Taylor Calloway (Class of 2018) was one of twenty-one students who participated in the new Rx One Health Course based in Tanzania and Rwanda during June 2017. This is Taylor’s personal narrative aiming to illustrate her daily experiences, a deeper understanding of the One Health approach in a real-world setting, and the big question of “why is this course important.”
Taylor’s journey Part II
Habari azobuhi (Good morning)!! Starting at seven am with the understanding that three lectures were to come after was not something everyone looks forward to and I certainly did not. Yet, the lectures morphed into deep discussions. There were “big picture” talks on the One Health approach used in Tanzania including the country’s infectious diseases and human-animal conflicts. This made my mind race with ideas on projects yet to begin. I am definitely where I should be to find my niche in veterinary medicine so I can include the One Health approach in life.
We had lunch after touring the place we were gathering for lectures called Neema Crafts. Neema= Grace in Swahili. They are a non-profit organization that employs the local disabled people of Iranga and teaches them trades like weaving, ceramics, metalworking, screen-printing, glass bead making and woodcarving. These are then sold to tourists and some locals for the continuation of the organization.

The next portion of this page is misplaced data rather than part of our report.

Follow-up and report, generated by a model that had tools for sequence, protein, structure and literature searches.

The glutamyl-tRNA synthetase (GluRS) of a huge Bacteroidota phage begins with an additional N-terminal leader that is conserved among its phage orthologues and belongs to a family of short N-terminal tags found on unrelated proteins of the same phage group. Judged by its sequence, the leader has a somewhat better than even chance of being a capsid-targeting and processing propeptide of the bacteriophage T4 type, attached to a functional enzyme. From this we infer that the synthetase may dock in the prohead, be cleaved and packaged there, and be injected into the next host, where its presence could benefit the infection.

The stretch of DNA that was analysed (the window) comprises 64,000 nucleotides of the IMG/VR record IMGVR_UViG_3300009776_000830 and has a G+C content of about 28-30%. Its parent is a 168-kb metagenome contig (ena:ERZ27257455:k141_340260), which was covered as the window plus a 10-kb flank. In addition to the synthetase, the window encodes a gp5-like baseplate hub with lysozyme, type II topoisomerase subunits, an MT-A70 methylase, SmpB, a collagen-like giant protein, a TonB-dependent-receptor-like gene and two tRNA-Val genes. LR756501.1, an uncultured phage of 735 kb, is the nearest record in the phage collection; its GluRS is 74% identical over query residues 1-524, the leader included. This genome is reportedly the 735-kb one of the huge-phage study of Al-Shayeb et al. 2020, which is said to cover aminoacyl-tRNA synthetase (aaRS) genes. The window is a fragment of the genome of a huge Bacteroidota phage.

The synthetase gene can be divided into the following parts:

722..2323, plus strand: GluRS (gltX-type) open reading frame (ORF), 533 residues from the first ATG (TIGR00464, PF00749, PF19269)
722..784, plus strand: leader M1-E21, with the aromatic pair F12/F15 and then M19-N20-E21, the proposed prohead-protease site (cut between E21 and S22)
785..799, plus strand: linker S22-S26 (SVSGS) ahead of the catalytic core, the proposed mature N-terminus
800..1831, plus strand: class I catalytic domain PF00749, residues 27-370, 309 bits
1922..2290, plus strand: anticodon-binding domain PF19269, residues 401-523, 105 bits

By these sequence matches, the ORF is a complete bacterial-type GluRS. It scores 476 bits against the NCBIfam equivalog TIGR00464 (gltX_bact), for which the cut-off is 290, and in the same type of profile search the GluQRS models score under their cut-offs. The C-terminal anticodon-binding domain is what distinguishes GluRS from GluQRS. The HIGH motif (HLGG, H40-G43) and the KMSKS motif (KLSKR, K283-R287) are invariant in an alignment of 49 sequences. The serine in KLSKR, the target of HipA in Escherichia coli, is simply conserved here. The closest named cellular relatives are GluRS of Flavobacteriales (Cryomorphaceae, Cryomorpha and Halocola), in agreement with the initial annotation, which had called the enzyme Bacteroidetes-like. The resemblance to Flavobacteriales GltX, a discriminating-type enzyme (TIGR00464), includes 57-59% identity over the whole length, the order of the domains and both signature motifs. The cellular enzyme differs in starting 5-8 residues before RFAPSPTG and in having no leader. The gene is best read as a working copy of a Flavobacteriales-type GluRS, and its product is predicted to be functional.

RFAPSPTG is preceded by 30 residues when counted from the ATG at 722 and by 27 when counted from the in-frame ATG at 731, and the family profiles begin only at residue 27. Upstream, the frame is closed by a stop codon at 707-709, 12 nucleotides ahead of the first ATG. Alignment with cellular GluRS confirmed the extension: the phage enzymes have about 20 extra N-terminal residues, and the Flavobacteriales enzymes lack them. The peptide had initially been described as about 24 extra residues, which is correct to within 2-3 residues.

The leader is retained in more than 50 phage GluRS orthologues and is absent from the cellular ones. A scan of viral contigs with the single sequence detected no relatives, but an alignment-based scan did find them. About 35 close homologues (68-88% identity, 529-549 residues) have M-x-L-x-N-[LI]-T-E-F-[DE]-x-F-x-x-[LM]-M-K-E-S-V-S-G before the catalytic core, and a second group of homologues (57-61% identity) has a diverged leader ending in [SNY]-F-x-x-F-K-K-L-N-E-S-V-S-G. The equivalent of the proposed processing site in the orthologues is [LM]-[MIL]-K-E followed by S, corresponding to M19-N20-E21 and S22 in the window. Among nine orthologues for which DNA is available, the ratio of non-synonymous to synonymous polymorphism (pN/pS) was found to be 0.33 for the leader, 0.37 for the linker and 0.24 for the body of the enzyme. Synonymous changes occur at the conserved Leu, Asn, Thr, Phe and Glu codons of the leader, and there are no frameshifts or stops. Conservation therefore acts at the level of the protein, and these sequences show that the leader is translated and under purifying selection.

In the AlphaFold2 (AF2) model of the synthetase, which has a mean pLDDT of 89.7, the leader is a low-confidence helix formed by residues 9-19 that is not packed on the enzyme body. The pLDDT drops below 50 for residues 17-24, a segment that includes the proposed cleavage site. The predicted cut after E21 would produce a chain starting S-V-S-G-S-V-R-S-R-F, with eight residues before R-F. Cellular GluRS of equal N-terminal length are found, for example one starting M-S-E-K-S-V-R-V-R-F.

There was a story that stood out to me. One of the first deaf men employed was found under a basket, hidden away from the world by a family that believed they were cursed. He was given a sign name of hunchback (this is pointing to your back). He worked extremely hard and was promoted to teaching new members the different crafts. After some time, his colleagues did change his name. Now when people ask about him, his sign is two fists pounding downwards. This means I am capable.
In the afternoon we toured the local markets. People were able to practice their Swahili, bargain for gifts and learn more about the Tanzanian culture. There was a little girl who ran up to me and smiled. I smiled back and said, “mambo” (hello to a friend). “Shikamoo” her little voice responding to me (a respectful hello). The clothes and personalities of everyone we saw and talked with were very unique. There was one man in a bright orange suit, a woman covered from head to toe in a brown cape and another woman with a fur sweatshirt. I am learning that the more I see, the less I know.
The evening became a lesson in communication and leadership skills. The whole group discovered our unique styles from a communication and leadership exercise. Without giving too much away, we had to be able to work together to “zoom” in and out of a story. Confusing right? Well we thought so, but in the end we did pull through and find a solution. The exercise reminded us that we all have our own set of skills to bring to the table and by communicating properly, we can help each other figure out a finished product. By the end of it, we were all very proud and tired. Dinner was served and a lecture, led by Dr. Mazet, on soft leadership skills (communication) finished our day around 8:30 pm.
Swahili Words of the Day: Bafum, Shower; Choo, toilet Continue reading